We described a culture model of neuroglial interactions in the optic nerve head in which the inhibition of NOS increases retinal ganglion cell survival after exposure to EAAs or ischemia. With the data from this model, we conclude that the mechanism of protection is conferred at the cellular level, and is not secondary to changes in vascular perfusion. Cortical astrocytes, rather than retinal ganglion cells or any contaminant glial cells, are the most likely source of NO. We cannot exclude the possibility that some contaminant retinal glial cells may also have produced NO, but this is unlikely to have been a significant factor.19 Levels of nicotinamide adenine dinucleotide phosphate diaphorase, a marker for NOS, are very low in the retinal ganglion cell layer of the rat,24 whereas NOS activity has been demonstrated in astrocytes,25 and microglia-derived NO has been shown to induce cell death in cocultures of cerebellar granule neurons and microglia.26 In excitatory cell death, increased NOS activity is secondary to calcium influx after activation of astroglial NMDA receptors.27 In hypoxia, this influx is most likely mediated by a decrease in membrane potential, which lowers the threshold toward activation of the NMDA.28
Nitric oxide is highly reactive and can cause intracellular damage in several ways, the most important of which involve depletion of intracellular energy stores. Nitric oxide inactivates enzymes involved in mitochondrial electron transport by complexing with their iron-sulfur centers. In addition, it stimulates adenosine diphosphate–ribosylation of glyceraldehyde-3-phosphate, depressing glycolysis29 and decreasing adenosine triphosphate production. It can also directly damage DNA, which results in activation of poly (adenosine diphosphate–ribose) synthetase30 and the further reduction of adenosine triphosphate stores. Cellular energy depletion can lead to a reduction in membrane potential, bringing the NMDA receptors into the range for magnesium extrusion and calcium influx.28 In the chick retina, intracellular energy depletion precedes excitotoxic damage and is not associated with an increase in extracellular glutamate.31 The importance of these mechanisms is stressed by the finding that the inhibition30 or complete removal32 of poly (adenosine diphosphate–ribose) synthetase activity alone can protect against NMDA-induced cytotoxic effects.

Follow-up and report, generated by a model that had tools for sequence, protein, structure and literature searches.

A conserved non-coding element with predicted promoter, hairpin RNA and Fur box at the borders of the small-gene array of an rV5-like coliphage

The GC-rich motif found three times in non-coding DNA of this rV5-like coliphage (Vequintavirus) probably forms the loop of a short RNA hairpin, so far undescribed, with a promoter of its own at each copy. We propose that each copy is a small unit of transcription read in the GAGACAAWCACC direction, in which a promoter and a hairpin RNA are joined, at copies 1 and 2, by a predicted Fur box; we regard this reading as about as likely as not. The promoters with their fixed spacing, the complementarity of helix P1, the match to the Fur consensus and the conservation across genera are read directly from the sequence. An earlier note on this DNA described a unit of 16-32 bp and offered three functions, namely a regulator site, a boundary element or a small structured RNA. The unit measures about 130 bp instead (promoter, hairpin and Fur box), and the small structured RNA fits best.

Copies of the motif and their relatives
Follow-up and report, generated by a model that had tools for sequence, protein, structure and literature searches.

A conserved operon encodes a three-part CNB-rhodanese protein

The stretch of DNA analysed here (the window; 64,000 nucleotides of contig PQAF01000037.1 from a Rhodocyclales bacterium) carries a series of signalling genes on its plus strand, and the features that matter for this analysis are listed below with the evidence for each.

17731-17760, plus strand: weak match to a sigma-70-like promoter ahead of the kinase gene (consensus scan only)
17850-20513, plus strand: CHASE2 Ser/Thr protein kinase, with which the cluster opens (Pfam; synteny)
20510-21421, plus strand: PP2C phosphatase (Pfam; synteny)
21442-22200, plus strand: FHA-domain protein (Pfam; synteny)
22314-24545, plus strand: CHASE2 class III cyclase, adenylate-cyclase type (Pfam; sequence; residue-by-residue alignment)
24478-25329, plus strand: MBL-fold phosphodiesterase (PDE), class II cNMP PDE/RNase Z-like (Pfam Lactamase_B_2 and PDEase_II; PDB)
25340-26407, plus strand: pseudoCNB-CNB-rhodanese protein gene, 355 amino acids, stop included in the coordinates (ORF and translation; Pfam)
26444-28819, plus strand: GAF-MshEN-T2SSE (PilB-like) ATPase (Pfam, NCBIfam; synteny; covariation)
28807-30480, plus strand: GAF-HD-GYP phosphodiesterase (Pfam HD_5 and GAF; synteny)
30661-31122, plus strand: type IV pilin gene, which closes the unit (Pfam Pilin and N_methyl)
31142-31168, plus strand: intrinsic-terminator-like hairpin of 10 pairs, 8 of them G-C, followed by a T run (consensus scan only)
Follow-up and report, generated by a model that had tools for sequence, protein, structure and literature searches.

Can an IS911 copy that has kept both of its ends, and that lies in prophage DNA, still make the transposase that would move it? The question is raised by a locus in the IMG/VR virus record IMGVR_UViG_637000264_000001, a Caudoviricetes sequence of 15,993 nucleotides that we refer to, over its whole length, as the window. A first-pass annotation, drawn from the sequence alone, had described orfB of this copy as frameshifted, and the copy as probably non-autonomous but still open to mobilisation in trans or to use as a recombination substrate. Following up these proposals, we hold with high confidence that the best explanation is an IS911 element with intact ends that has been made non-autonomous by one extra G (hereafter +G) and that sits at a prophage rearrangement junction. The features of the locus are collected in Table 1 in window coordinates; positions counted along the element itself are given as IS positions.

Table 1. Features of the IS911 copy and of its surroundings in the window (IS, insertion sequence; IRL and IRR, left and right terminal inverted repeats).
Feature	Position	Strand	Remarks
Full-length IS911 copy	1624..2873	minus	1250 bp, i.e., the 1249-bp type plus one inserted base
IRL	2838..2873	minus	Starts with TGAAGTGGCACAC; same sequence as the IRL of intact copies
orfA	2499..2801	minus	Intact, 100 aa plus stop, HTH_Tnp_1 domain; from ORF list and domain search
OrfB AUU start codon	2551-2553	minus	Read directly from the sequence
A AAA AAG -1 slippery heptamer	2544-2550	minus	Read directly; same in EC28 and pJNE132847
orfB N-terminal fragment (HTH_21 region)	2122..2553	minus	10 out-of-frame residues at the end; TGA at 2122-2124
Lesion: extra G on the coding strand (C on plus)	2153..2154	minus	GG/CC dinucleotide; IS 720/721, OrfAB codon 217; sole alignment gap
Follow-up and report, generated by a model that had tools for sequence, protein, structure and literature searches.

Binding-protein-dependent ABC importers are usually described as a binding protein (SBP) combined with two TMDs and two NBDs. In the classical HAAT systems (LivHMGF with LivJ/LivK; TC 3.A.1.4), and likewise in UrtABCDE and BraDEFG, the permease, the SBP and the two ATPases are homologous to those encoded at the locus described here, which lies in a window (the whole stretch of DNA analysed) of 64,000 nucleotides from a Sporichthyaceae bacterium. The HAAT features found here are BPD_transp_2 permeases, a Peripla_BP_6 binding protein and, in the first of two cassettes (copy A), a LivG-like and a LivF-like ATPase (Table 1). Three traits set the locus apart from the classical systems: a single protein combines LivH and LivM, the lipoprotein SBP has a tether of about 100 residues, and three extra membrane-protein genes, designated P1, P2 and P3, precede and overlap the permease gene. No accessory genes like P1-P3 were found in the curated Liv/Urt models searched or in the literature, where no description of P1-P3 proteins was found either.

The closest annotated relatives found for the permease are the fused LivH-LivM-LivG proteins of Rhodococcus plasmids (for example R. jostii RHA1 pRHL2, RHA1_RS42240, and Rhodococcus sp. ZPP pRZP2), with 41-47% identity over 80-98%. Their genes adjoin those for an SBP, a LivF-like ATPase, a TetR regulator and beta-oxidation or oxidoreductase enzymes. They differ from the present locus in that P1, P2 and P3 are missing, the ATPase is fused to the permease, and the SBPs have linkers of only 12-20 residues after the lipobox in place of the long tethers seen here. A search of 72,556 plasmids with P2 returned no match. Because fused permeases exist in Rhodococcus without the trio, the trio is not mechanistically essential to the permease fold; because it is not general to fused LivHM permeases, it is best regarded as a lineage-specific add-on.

Our results are consistent with a role for NO in the induction of retinal ganglion cell death in glaucoma, but should be applied with caution to events at the optic nerve level because our model deals with axotomized cells. The levels of inducible and neuronal NOS are increased in the optic nerve head astroglia15 of glaucomatous eyes, which would increase the levels of NO in this region. It is possible that the induction of NOS activity in astroglia is an early response to increased intraocular pressure. In cultured rat astrocytes, lipopolysaccharide-induced NOS activation is associated with reduced gap junction permeability,33 and one of the earliest changes in the astroglial population of the optic nerve head in the rat ocular hypertension model is a reduction in labeling of the gap junction protein connexin-43.34